As a racing enthusiast, the PGA Tour’s new system for their series finale has encouraged me to take a closer look at the world of golf.
For those unfamiliar, the Tour Championship is now staggered to reward those who have performed to their best at crucial points during the season. The leader of the season-long FedEx Cup, which dishes out points depending on the strength and necessity of the tournament, starts at the top of the leaderboard while the chasing pack have to close over the course of the four days.
This ensures it is more transparent as to who has claimed victory. Last season, Tiger Woods, before his emotional Masters triumph, claimed the tournament win at East Lake to crown an incredible comeback. However, for those watching without guidance, he had not triumphed in the overall FedEx Cup. He had too many points to make up on eventual winner Justin Rose, who had finished in a share of fourth at this particular event.
The new format does away with confusion. If you are at the top of the East Lake leaderboard at the end of the week, you have won both the tournament and the FedEx Cup. No need for calculators to tally cumulative points and determine whether victory is enough given so-and-so is in fifth place.
As such, Justin Thomas, the FedEx Cup’s leader, begins the week at -10 and holds a two shot advantage from the off. The impetus on those behind is immediately to chase, which should, in theory make things more exciting. Second place begins at -8, third at -7, and so on until sixth position. Those between six and ten in the standings will start at -4, 11-15 at -3, 16-20 at -2, 21-25 at -1 and 26-30 at even par, just as they would an ordinary week. Only the top 30 qualify for a position in the field at East Lake and those who have snuck in must work even harder for the $15 million (yes, 15 million) prize money for the champion.
The format works like a handicap would in racing, which enthrals me immediately. It’s a slightly crooked handicap: for example, Brooks Koepka, the no.1 player in the world, starts in third with only three shots to make up, whereas, in a handicapper’s paradise, he’d be at the bottom of the pyramid having to forge his way up.
Koepka’s position in the standings raises two issues. The first being that the likes of Charles Howell III and Jason Kokrak, who just about qualified and must open their first rounds at level par, are almost out of the equation for victory from the beginning. With the greatest of respect, it is doubtful they can make up seven shots on the world’s current best, let alone any number of shots on 25 of the 30-strong field.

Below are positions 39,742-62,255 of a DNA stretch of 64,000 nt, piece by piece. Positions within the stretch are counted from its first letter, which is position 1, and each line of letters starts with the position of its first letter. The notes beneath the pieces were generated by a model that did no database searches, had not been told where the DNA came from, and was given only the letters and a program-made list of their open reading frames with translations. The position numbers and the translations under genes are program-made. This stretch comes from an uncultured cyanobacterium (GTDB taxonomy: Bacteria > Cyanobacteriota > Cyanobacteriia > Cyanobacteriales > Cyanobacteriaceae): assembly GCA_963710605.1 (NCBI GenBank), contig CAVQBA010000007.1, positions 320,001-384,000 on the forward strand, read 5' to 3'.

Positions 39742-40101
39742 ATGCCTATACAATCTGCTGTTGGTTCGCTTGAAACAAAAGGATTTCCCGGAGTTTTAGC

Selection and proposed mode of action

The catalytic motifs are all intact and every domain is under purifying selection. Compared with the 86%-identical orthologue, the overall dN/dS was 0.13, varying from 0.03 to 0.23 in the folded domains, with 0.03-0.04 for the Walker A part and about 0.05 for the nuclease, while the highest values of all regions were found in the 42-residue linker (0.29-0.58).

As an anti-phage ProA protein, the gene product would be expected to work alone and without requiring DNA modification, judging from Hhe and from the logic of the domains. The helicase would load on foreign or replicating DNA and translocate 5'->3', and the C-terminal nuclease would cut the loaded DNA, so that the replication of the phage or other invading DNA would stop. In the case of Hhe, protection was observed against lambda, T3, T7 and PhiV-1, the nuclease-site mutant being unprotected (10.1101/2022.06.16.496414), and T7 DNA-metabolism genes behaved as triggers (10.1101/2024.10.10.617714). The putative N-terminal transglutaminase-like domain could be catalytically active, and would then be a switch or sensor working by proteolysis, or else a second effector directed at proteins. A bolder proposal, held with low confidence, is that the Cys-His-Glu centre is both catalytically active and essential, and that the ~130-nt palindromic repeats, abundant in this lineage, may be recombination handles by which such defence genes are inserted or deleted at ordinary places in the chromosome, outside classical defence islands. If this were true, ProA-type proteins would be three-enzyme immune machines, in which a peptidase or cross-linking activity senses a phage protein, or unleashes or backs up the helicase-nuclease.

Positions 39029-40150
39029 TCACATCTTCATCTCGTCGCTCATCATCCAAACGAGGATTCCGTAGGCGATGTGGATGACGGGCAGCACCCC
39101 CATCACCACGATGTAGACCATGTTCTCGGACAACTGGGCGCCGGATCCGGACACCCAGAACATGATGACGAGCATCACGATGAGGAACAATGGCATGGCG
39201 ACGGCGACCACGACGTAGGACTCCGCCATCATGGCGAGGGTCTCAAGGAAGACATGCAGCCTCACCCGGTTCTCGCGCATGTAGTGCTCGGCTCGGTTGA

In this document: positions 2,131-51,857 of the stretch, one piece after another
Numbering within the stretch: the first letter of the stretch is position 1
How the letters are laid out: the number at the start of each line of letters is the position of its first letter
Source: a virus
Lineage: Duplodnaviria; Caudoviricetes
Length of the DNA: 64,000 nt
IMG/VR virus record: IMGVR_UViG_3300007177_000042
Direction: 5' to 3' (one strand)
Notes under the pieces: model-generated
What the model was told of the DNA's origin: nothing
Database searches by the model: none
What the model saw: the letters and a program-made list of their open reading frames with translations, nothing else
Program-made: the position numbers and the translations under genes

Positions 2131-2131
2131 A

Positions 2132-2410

Psychologically, there is a negative impact on those who between 26th and 30th in the FedEx standings. Last year, though they would have been up against it to claim overall victory, the journey to do so would have felt less daunting, with a simple, overall triumph being all they could do to get close, or, with luck falling their way, win the Cup themselves. This year, the tax of closing ten shots may appear insurmountable from the very first tee.
The second problem with Koepka’s position is that he has been indisputably golf’s best player of the year and yet he is only third. He has won three times, twice on tour alongside his major triumph in the PGA. Thomas, atop the standings, has won just once, that being this weekend at the BMW Championship.
Once again, the uninitiated can only be baffled by this bizarre arrangement. The BMW is a prestigious tournament, but no major and it is the only title Thomas has claimed in the 2018/19 season. Yet, because it is a FedEx Cup playoff event, the points awarded are far greater than in a regular season event, or even a major title, in order to encourage competition for the final few spots in the field and to continue form throughout the year.
Nevertheless, there is an awkward skew and the likes of Matt Kuchar and Rory Mcilroy, who have played admirably and consistently since the beginning of the year, find themselves adrift of Patrick Reed, who has only won one event, like Thomas, in the playoffs, and Patrick Cantlay, whose runner-up finish to Thomas promoted him to second in the FedEx Cup. This is clearly unfair and the playoffs, at least, don’t seem necessary.
This alone does not diminish the Tour Championship’s format, however, although the aforementioned psychological effects are even more intriguing when it comes to scoring. Some players thrive upon protecting leads: Thomas, for instance, has won seven of the ten tournaments he has won when holding a lead going into the final round. Others, meanwhile, enjoy the thrill of the chase, hunting down those boasting a lead by playing aggressive golf.
If you are one of those at -1 or -2, say, you have to go out and attack pins, wherever they are positioned, from the outset in order to claw back the artificial deficit. If this does not suit your game, or if you make an early mistake, you can almost be ruled out from the very start, which potentially lowers the competition before it has even really begun.
Alternatively, those from -5 upwards may consider approaching the opening stages more conservatively in the knowledge that they have been blessed with an advantage. Again, this could work negatively for someone like Rory Mcilroy, who is at his best when asserting from the outset.
As long as Thomas does not get away too quickly, the handicap-esque format could prove a hugely exciting watch. It could, however, lead to a spread-eagled field and drama involving only a handful of players. It is a grand idea, though and I hope for the PGA’s sake that it is a success.